Tag Archives: Appreciation

Jesse Winchester


One of our great singer/songwriters left us too soon a few weeks ago, Jesse Winchester. I discovered his music in 1971 through my fanatical The Band love and bought his first album solely because it was produced by Robbie Robertson.

I was hooked, his gentle voice and graceful playing sold me. Also his Southern heritage struck a chord in me. Note: I know it’s hard to believe but Northern Virginia not too long ago was Southern in its ways and patterns, good or bad.

He never had the mass appeal, and I never found anyone who was a fan enough to ruminate with about his new work or his past catalog. I am happy my wife loves his smooth voice because she heard it often through the years.

I was lucky to see him perform once, he sat sideways on a stool, guitar in hand and for two hours took the audience by the hand and guided them through the fields of Mississippi and the caverns of the heart.

If I could have the world see just one Jesse Winchester performance, it would be the one below. It is from an Elvis Costello songwriter TV show, Jesse sings his beautiful and longing Sham-A-Ling-Ding-Dong and slays the audience and brings a tear to Neko Case’s cheek…. mine, too.

Jesse’s CD Love Filling Station on which you’ll find the studio version of Sham-A-Ling-Ding-Dong.

Jesse’s Gentleman Of Leisure on which you will find his beautiful I Wave Bye ByeTrust me


Levon Helm – An Appreciation

I saw The Band over 30 times. They were my first concert way back when as a sophomore in high school. That night they tore up Merriwether Post Pavilion. In 1974 from January 15th through the 22nd, I saw The Dylan/Band: Before The Flood Tour six times in four cities. The last time I saw them was at Wolf Trap opening for John Prine. I took my daughter Morgan for her first ever concert. As much as I loved it, I think she was too young to appreciate the music, but she liked the tie-died Life Is A Carnival tee shirt I bought her.

One visit to New York City in 1981 at a small club I was fortunate to see an impromptu show by Steve Forbert. He was joined by Rick Danko, Richard Manuel and Levon Helm. As great as the music was, it was made fantastic because during the break and after the show all four artists sat at our table. It remains a memory that has become almost surreal. All I can say is that they were down to earth, friendly, and gracious. They were cats you could hang with at the local bar or pool room. The clearest moment I have is that every time the waitress (her name was Rhonda and she was from Virginia and is the reason why we were so well seated and treated) brought the table drinks Levon would say in that beautiful soft southern drawl “thank you m’am”.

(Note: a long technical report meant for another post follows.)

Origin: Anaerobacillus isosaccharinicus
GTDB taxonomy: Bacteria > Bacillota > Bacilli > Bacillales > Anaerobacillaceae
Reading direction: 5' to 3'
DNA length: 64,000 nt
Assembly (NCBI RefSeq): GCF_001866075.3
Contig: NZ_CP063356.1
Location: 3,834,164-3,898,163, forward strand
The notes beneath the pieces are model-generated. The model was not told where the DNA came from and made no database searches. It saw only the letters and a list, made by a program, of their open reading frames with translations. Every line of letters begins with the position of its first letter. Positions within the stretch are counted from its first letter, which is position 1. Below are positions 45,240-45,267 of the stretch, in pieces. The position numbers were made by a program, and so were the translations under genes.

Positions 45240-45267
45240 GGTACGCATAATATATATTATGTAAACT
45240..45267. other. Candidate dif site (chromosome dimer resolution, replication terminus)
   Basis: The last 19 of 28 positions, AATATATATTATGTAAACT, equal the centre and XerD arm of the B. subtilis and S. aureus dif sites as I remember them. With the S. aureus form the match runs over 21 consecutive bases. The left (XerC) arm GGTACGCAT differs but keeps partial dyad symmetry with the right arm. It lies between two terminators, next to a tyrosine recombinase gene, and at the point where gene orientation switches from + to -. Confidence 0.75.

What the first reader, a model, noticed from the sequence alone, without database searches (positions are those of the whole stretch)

Every member of The Band, except Richard Manuel, would tell you Richard was their lead singer. But for me the voice of The Band was Levon. My first introduction to their music was his line “I pulled into Nazareth…” Hell, I never pulled out. He is considered by many as one of the best drummers of his and any generation, I cannot attest to that but I know the cat could play, and as he played he sang his ass off.

Over the past days so many appreciations of Levon have been written and read. They tell of his days as a boy in Arkansas, his stay as a teenager drummer in Ronnie Hawkins and the Hawks, Dylan years, The Band, the Last Waltz, acting, The Band’s reemergence, the illness, Midnight Rambles, revived solo career and Grammy awards. I urge you to take time to read about this remarkable artist, man, friend, father and grandfather.

This is what I know. The following are links to what I consider are his greatest vocal performances, and they are what I want people to hear as a tribute to this American troubadour, this music legend.

When I Paint My Masterpiece – A Bob Dylan song that The Band and especially Levon added the masterstroke to.

The Night They Drove Old Dixie Down – This is the live Last Waltz rendition and it’s revelatory. Levon sings as if a gun is held to his head and his life depended on this particular take. It’s one of the greatest vocals of all time.

Atlantic City – Bruce Springsteen may have written it, but The Band and especially Levon own it.

Tennessee Jed – From his last solo album, Electric Dirt. His voice, ravaged by time and illness, still conveys his power and the innate good natured inflection I love about his voice. And his pitch, as always, perfect.

So rest easy Levon, we here know the drum stool is now taken in Heaven, you and Rick and Richard can start a band.